Whilst natural gas is one of the greenest fossil fuels, it still emits dangerous greenhouse gases into the atmosphere when burned.
This has, in turn, led researchers to devise novel ways of converting methane, which accounts for 70-90% of natural gas, into more useful products, such as a fuels and chemicals, in a simple, cost-effective and low-carbon manner.
In a study published today in Nature Catalysis, the team led by researchers from the Cardiff Catalysis Institute has demonstrated, for the time, the direct conversion of methane into methanol and acetic acid using a gold catalyst.
Up until now, this has only been achieved through indirect routes which include multiple steps that are highly energy consuming and very costly.
To achieve the creation of methanol and acetic acid the team reacted methane with oxygen in the presence of a catalyst made from gold and the zeolite ZSM-5.
By examining the catalyst using high-powered electron microscopy, it was revealed that the active catalyst did not contain gold atoms or clusters, but rather gold nanoparticles – extremely small particles between 3 to 15 nanometres in size that can exhibit significantly different physical and chemical properties to their larger material counterparts.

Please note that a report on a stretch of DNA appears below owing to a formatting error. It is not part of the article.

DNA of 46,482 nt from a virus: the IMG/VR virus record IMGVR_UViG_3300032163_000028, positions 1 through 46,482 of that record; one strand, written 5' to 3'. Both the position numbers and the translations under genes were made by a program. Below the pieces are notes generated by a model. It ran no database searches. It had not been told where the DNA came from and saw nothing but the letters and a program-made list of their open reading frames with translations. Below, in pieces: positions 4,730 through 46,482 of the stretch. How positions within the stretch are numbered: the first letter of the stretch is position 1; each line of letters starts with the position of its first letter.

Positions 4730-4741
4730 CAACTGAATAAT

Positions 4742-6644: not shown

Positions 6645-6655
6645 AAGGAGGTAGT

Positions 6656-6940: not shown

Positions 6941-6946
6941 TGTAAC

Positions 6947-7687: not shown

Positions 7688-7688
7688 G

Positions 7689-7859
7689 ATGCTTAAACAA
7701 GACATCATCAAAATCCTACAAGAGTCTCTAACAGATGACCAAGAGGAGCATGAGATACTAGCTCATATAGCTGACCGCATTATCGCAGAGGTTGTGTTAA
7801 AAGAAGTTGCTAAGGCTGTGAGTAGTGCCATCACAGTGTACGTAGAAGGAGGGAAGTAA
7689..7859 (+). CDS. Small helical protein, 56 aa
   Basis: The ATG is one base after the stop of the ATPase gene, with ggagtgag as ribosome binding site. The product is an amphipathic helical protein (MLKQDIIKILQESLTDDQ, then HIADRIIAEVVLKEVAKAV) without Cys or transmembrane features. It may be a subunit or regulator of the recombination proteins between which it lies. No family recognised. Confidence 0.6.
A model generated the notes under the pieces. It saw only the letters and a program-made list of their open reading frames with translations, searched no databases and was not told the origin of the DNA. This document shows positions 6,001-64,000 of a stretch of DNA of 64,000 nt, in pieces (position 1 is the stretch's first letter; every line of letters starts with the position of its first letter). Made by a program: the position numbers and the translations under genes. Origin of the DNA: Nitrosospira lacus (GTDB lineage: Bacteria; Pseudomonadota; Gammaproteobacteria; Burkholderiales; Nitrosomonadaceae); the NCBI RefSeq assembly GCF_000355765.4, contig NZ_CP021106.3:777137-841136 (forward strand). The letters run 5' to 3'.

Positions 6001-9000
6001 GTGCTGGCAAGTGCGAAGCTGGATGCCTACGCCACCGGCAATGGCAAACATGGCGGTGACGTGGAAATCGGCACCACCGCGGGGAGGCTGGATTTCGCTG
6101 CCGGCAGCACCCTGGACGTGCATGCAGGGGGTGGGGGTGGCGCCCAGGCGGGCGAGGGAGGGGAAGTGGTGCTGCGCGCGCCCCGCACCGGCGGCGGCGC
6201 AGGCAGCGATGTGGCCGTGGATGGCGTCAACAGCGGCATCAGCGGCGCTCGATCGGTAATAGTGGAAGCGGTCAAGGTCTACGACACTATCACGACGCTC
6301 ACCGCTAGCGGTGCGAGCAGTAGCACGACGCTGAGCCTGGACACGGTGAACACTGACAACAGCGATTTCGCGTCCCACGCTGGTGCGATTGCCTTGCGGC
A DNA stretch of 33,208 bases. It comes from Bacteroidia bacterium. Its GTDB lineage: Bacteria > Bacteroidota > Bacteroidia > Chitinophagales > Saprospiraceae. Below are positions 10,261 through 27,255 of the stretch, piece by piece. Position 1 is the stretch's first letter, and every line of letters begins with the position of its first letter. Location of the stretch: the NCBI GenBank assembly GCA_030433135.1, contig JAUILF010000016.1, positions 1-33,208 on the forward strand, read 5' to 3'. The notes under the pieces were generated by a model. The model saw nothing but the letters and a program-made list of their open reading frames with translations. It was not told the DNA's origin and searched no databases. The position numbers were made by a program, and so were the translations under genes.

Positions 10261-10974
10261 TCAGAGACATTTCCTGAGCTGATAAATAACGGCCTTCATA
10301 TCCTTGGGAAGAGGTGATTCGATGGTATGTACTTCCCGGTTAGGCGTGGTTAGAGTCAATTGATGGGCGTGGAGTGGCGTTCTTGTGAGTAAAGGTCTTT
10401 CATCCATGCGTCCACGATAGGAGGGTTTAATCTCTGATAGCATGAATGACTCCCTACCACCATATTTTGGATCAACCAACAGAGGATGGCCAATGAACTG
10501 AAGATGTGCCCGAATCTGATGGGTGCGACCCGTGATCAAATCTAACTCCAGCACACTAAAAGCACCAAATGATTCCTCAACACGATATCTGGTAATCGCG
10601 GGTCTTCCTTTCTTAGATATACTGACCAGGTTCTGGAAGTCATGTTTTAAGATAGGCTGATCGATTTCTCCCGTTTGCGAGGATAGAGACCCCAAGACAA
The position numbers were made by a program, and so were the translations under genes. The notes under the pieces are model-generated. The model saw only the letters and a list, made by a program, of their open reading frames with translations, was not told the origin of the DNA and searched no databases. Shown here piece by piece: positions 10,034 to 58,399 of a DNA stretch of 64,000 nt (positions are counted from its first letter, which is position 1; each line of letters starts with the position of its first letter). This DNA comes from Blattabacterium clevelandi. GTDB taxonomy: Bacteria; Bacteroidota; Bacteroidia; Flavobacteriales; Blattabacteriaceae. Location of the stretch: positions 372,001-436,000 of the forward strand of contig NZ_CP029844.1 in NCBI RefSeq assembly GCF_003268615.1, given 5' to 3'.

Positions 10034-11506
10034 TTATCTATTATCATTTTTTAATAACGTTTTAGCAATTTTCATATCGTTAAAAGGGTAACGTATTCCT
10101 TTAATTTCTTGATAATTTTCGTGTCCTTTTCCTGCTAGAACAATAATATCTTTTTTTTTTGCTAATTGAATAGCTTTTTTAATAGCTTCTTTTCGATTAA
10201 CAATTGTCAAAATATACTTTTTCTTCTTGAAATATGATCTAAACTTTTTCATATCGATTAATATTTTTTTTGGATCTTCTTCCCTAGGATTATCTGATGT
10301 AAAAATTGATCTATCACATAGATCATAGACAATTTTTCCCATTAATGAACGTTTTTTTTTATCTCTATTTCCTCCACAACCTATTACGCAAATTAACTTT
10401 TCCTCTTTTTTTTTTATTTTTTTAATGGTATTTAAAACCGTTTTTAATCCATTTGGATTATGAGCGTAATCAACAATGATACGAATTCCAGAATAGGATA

The production of methanol using this catalyst was expected; however, the novelty of the new method came in the production of acetic acid.
Acetic acid is a common industrial chemical with large quantities used to make products such as ink for textile printing, dyes, photographic chemicals, pesticides, pharmaceuticals, rubber and plastics.
Methanol, meanwhile, is commonly used as a precursor to many other commodity chemicals, as well as a biofuel.
Despite the well-known inertness of the precious metal gold, pioneering research by scientists at the Cardiff Catalysis Institute has demonstrated that it is, in fact, an extremely efficient and reliable catalyst that can be used effectively in many important industrial processes.
Co-author of the study Professor Graham Hutchings, Regius Professor of Chemistry from the Cardiff Catalysis Institute, said: “The oxidation of methane, the main component of natural gas, to selectively form oxygenated chemical intermediates using molecular oxygen has been a long-standing grand challenge in catalysis.
“We have successfully demonstrated this for the very first time in this study, providing an important first step towards the creation of important fuels and chemicals in a simple and cost-effective way.”
Read the original article on Cardiff University.